From Independent.ie, we learn that the Catholic Church in Ireland is promulgating its well-known stand that if you have to choose between using non-rhythm birth control and death, death is better. Mater Hospital in Dublin is about to embark on tests of new anti-cancer drugs. And, as you may know, there’s some evidence of damaging a fetus, particularly during the first trimester, if you become pregnant while undergoing chemotherapy.
At any rate, the hospital is putting out a pamphlet giving people information about these trials, but the whole issue has become bogged down because the hospital objects to any method of abstaining from pregnancy during the drug trials:
The Mater, which is Catholic run, objects to wording in the accompanying patient information leaflet which mentions various forms of artificial contraception.
It wants this changed in line with its Catholic ethos which is opposed to artificial forms of birth control such as the pill.
This has cheesed off two Irish doctors who object to medieval superstitions delaying their medical care:
In an open letter sent to the Irish Independent, Mater oncologists Dr John McCaffrey and Prof Desmond Carney said the Catholic Church had no right to interfere in the doctor-patient relationship.
In the open letter, Dr A McCaffrey and Prof Carney state:
“With more than 40 years combined experience in managing cancer, in Ireland and abroad, we strongly believe that no-one should become pregnant while on chemotherapy.
“We have always counselled our patients to avoid pregnancy.”
They continue: “This discussion – with patients and their partners – is a private matter between doctor and patient, and may involve a discussion of different methods of birth control, including abstinence.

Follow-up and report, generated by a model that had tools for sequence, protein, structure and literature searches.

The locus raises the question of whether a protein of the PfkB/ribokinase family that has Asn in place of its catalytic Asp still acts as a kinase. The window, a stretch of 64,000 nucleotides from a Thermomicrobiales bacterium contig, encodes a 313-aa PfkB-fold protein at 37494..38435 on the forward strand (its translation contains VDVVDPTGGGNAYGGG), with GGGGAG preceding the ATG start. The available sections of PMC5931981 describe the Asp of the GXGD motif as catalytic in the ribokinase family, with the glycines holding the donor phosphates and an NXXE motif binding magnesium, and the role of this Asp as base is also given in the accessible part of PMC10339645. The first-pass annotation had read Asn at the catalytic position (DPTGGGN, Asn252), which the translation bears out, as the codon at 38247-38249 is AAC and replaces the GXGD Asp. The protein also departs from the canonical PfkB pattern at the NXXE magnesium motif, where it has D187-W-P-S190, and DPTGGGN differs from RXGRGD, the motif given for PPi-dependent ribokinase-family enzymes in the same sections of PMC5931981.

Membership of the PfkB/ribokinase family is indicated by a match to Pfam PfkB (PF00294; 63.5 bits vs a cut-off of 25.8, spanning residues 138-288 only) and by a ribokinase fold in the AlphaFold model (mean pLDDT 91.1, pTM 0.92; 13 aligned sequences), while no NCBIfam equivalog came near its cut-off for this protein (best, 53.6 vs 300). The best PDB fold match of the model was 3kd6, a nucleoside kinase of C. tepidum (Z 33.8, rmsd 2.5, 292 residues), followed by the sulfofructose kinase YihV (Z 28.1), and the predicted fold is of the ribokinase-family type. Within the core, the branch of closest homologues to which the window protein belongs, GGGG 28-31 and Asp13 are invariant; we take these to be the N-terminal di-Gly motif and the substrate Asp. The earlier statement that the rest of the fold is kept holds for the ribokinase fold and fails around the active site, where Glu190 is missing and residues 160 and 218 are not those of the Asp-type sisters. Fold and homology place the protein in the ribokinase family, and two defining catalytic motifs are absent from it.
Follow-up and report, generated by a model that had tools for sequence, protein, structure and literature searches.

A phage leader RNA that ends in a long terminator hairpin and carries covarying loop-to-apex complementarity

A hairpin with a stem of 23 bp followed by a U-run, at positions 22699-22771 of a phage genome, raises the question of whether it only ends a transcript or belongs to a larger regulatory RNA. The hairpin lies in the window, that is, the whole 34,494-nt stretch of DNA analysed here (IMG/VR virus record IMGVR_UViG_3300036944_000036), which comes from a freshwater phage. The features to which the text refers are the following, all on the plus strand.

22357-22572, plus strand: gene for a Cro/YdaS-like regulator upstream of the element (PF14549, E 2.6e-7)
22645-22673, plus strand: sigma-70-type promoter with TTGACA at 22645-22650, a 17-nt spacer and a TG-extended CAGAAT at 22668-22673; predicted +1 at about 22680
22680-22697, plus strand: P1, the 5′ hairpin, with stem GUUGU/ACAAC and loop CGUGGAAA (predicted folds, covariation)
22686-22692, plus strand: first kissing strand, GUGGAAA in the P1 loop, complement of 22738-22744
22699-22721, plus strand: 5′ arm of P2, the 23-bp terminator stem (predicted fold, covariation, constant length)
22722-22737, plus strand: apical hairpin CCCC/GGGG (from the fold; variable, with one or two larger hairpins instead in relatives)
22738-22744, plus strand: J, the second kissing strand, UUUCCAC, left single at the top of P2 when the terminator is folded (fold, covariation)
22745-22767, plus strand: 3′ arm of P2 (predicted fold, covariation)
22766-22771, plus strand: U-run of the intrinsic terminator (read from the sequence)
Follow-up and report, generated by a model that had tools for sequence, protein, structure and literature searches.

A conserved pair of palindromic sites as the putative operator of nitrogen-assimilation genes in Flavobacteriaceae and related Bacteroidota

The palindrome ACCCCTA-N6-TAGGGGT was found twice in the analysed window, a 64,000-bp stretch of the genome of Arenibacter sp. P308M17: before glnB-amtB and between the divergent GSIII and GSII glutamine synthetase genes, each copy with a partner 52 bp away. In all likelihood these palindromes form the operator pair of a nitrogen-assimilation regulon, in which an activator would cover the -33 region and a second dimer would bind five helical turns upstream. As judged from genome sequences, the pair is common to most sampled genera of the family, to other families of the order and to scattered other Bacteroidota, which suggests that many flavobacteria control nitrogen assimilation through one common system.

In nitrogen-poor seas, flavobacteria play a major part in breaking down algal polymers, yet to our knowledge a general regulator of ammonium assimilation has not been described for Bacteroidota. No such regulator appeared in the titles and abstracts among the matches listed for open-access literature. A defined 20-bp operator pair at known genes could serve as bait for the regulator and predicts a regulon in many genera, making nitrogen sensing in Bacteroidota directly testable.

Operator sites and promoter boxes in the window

“We believe that no Church (except that desired by the patient) or Administrator has any role in this exchange and we continue to believe and practice this.
“This is all the more relevant in our increasingly multi-cultural society.”
They say that not to give advice concerning pregnancy could result either in foetal abnormality, or the woman having to forgo cancer treatment in order that the child be born alive, but could leave the child motherless. They state: “Physical risk to the health and viability of the foetus, or treatment refusal by a pregnant woman who might die from cancer leaving a motherless child, are two potential albeit extreme results from not appropriately counselling patients before chemotherapy.”
They confirm that they already routinely make available to patients the sort of information contained in the drug advisory leaflet.
. . . Dr McCaffery is President of the Irish Society of Medical Oncology. Prof Carney is former President of the Society.
But of course some doctors may not do this, particularly if they’re Catholic. This kind of information needs to be available to all patients, and in a leaflet. And this whole kerfuffle has simply delayed the drug trials as the Church raises stupid objections to wording:
Explaining the decision [of the hospital to delay drug trials], Fr Kevin Doran, who represents Archbishop Dr Diarmuid Martin on the hospital board, said there was an objection to women being mandated to use artificial contraception if they wished to use the drug.
However, Roche Pharmaceuticals, the company behind the drug, later indicated that there was no such requirement and women could abstain from sex if that was their preferred way not to become pregnant.
I doubt that anybody is being, or has been, required to use artificial contraception. All the doctors want is a public warning that there are dangers involved in mixing chemotherapy with pregnancy, and that there are several ways to avoid pregnancy. In the meantime, people may be dying because the Church doesn’t want people covering their genitals with rubber sheaths. Such is legacy of medieval theology.